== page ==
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  1. Unlike the book, the film covers only the first seven months of the Watergate scandal, from the time of the break-in to Nixon's second inauguration on January 20, 1973. The film introduced the catchphrase "follow the money" in relation to the case, which did not appear in the book or in any Watergate documentation. Production

  2. 24/11/2022 · Nikyatu Jusu’s new film, about a Senegalese woman who works as a babysitter in New York, plays like an immigration drama and a cruel labor farce. By Manohla Dargis. Nov. 22, 2022.

  3. This would be Upton's sole contribution to the Gidget canon. The story was based on Kohner's 1957 novel Gidget, the Little Girl with Big Ideas. The film, which received one award nomination, not only inspired various sequel films, a television series, and television films, but is also considered the beginning of the entire "beach party film" genre.

  4. The 1955 French film Rififi, which critics such as Leonard Maltin have labeled as the best heist film ever, drew much inspiration from The Asphalt Jungle. [12] In 2008, The Asphalt Jungle was selected for preservation in the United States National Film Registry by the Library of Congress as being "culturally, historically, or aesthetically significant".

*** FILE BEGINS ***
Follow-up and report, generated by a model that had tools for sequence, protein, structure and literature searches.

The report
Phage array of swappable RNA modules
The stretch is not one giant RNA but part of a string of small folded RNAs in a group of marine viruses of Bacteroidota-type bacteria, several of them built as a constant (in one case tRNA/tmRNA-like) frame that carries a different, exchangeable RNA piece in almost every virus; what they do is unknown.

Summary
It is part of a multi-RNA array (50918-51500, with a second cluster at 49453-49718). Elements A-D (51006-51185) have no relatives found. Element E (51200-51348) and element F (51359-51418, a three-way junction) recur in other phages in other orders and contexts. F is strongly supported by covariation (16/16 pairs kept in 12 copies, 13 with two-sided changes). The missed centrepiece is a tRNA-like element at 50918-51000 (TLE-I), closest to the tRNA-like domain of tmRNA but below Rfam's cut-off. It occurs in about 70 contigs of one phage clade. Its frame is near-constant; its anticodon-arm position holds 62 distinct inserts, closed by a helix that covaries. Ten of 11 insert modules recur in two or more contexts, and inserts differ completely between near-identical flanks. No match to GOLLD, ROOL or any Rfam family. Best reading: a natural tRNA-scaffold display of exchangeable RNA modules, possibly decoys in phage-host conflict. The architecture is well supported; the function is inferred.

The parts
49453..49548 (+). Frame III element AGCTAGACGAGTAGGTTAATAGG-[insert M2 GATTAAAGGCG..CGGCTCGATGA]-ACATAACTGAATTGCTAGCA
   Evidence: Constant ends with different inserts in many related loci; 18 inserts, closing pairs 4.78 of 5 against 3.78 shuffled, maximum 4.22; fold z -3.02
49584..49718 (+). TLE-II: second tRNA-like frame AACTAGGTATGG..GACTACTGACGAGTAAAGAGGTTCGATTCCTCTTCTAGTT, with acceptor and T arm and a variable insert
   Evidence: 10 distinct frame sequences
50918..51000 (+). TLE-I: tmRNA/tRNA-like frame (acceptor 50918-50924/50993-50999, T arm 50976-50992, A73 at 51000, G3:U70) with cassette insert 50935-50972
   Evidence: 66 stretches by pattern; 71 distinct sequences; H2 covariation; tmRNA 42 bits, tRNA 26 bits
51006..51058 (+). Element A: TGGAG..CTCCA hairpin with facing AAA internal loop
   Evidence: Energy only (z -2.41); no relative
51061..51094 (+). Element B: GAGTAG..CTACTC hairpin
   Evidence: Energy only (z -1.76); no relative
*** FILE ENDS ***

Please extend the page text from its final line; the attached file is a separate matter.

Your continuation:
5. Throughout the James Bond series of films and novels, Q Branch has given Bond a variety of vehicles with which to battle his enemies. Among the most noteworthy gadgets, Bond has been equipped with various vehicles that have numerous modifications to include elaborate weapons and anti-pursuit systems, alternative transportation modes, and various other functions.

  6. Wonder Woman director Patty Jenkins particularly disliked Justice League because the film itself seemed to contradict her film, as both she and Zack Snyder worked together to keep continuity between their films, in details like not changing Wonder Woman's costume, but Joss Whedon reshot the film to the point the characters were not being portrayed as previously shown in past films.

  7. Adventures of Captain Marvel is a 1941 American 12-chapter black-and-white movie serial from Republic Pictures, produced by Hiram S. Brown, Jr., directed by John English and William Witney, that stars Tom Tyler in the title role of Captain Marvel and Frank Coghlan, Jr. as his alter ego, Billy Batson.